Ted Hughes Award for New Work in Poetry 2011: Lavinia Greenlaw






Carol Ann Duffy, Kaite O’Reilly (2010 winner), and judges Gillian Clarke, Jeanette Winterson and Stephen Raw, Saville Club, London, March 2011.

As last year’s winner of the Ted Hughes Award, for my version of Aeschylus’s Persians, I was delighted to receive the following from The Poetry Society this week:

Lavinia Greenlaw Wins Ted Hughes Award for New Work in Poetry with Audio Obscura

Judges Edmund de Waal, Sarah Maguire and Michael Symmons Roberts have presented the 2011 Ted Hughes Award for New Work in Poetry to Lavinia Greenlaw for her outstanding sound work Audio Obscura.

Now in its third year, the Ted Hughes Award for New Work in Poetry is awarded annually to recognise excellence in poetry. It is one of the only awards to acknowledge the wide range of collaborative work being produced by poets – not just in books, but beyond.

Audio Obscura perfectly demonstrates the extent of this range. Taking place at Manchester’s Piccadilly station in July 2011 and at London’s St Pancras International station in September / October 2011, Audio Obscura is a sound work in which the listener enters interior lives and discovers, somewhere between what is heard and what is seen, what cannot be said. We become conscious of this as transgression but are unable to contain our curiosity. Caught up in the act of listening, we too give ourselves away. The judges said:

“Audio Obscura was a groundbreaking work that fully captured the spirit of the Ted Hughes Award for New Work in Poetry. The judges felt this was a particularly outstanding year with six stellar entries on the shortlist”.

Greenlaw’s poetry includes Minsk and The Casual Perfect. She has also published novels and the non-fiction The Importance of Music to Girls and Questions of Travel: William Morris in Iceland. She has held residencies at the Science Museum and the Royal Society of Medicine, and is Professor of Creative Writing at UEA. Her exploration of perception has led to radio programmes about landscape and light.


Simon Armitage for Black Roses: The Killing of Sophie Lancaster A drama documentary for BBC Radio 4, this is an elegy to the 20-year-old student who was attacked whilst attempting to protect her boyfriend from a group of violent youths. Four years after her death, Sophie’s story is told through poems by Simon Armitage, and an interview with her mother, Sylvia Lancaster. Produced by Sue Roberts.

Julia Copus for Ghost Lines A personal testimony of IVF treatment and failed pregnancy by Julia Copus in poems and prose, written especially for this BBC Radio 3 programme. Poems read by actress Hattie Morahan with music composed by Jacob Shirley. Produced by John Taylor/Fiction Factory.

Robert Crawford for Simonides Translations of the ancient Greek poet, on death, loss and remembrance, accompanied by photographs by Norman McBeath. The project is also the subject of a 2011 exhibition. Commissioned by the University of St Andrews as part of its 600th Anniversary.

Lavinia Greenlaw for Audio Obscura A ‘sound experience’ that saw its audience don headphones amongst the bustle of London St Pancras and Manchester Piccadilly train stations to listen in on individual narratives. Commissioned and produced by Artangel and Manchester International Festival.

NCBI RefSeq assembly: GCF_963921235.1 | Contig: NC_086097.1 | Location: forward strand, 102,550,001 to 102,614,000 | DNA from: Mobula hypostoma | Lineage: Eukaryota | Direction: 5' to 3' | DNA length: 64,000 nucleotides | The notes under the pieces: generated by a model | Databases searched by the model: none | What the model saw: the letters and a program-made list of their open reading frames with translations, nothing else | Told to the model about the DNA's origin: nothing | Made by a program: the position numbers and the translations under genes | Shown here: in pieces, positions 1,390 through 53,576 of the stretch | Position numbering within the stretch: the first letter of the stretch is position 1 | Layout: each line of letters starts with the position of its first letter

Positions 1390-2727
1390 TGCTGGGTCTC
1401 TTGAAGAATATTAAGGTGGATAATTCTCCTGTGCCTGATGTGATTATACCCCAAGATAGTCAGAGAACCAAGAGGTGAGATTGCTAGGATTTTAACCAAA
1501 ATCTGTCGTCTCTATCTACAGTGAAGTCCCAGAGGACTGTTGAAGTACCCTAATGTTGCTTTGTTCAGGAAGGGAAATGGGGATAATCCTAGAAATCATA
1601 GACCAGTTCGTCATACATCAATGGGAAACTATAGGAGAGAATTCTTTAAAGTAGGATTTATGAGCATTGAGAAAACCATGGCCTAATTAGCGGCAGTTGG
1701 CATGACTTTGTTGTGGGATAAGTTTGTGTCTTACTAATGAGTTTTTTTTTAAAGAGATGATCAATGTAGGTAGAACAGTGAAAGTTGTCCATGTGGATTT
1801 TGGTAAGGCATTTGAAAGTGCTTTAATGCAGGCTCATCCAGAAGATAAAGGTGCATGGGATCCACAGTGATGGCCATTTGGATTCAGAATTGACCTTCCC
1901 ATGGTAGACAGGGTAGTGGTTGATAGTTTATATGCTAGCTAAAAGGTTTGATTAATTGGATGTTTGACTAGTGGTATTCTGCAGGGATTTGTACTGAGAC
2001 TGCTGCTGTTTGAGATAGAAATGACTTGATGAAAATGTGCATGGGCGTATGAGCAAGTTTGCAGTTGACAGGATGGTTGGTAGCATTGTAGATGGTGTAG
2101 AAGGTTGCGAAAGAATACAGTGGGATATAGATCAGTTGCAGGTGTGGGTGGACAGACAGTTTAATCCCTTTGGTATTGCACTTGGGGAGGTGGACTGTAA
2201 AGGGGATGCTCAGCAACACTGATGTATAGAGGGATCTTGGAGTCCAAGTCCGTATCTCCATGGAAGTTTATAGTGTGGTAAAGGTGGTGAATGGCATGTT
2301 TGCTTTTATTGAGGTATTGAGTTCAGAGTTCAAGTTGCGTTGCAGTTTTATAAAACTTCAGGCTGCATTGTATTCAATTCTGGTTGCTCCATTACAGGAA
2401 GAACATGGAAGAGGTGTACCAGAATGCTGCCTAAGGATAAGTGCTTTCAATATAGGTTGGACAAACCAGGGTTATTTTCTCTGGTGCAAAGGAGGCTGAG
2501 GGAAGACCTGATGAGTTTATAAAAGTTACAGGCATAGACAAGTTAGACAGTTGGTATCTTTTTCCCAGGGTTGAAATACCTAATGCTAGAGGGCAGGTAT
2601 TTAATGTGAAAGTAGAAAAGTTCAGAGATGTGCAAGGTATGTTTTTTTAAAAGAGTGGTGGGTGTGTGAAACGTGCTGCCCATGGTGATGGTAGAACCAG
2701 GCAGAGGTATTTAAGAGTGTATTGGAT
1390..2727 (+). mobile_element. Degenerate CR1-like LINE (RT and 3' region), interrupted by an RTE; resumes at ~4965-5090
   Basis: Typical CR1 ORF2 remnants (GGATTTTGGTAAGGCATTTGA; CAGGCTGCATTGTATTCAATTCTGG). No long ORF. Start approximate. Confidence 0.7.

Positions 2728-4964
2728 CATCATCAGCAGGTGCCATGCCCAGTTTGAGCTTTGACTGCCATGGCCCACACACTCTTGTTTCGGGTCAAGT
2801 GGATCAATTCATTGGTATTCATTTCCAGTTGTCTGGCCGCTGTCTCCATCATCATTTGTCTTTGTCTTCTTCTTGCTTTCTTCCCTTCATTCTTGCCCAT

Andrew Motion for Laurels and Donkeys A BBC Radio 4 programme produced by Tim Dee featuring a sequence of dramatic war poems to mark Remembrance Day.

Christopher Reid for Airs and Ditties of No Man’s Land An orchestral piece set in the First World War, first performed as part of the BBC Proms and broadcast on BBC Radio 3. Music composed by Colin Matthews.


• 2010 Kaite O’Reilly for her verse translation of Aeschylus’ The Persians (National Theatre Wales production).


• 2009 Alice Oswald for her book Weeds and Wild Flowers (Faber & Faber) with accompanying etchings by Jessica Greenman.

The Poetry Society was founded in 1909 to promote a “more general recognition and appreciation of poetry”. Since then, it has grown into one of Britain’s most dynamic arts organisations, representing British poetry both nationally and internationally. Today it has nearly 4,000 members worldwide and publishes the leading poetry magazine, Poetry Review. With innovative education and commissioning programmes and a packed calendar of performances, readings and competitions, the Poetry Society champions poetry for all ages.

Poetry Society awards and competitions: In addition to the Ted Hughes Award for New Work in Poetry, the Poetry Society runs the National Poetry Competition, one of the world’s longest-running and most prestigious prizes for an individual poem. The Poetry Society also organises the Foyle Young Poets of the Year Award for poets aged 11-17, the young people’s performance poetry championship SLAMbassadors UK and the Corneliu M Popescu Prize, for poetry translated from a European language into English.

Recommendations for the Ted Hughes Award for New Work in Poetry: Members of the Poetry Society and Poetry Book Society were invited to recommend a living UK poet, working in any form, who has made the most exciting contribution to poetry in 2011.

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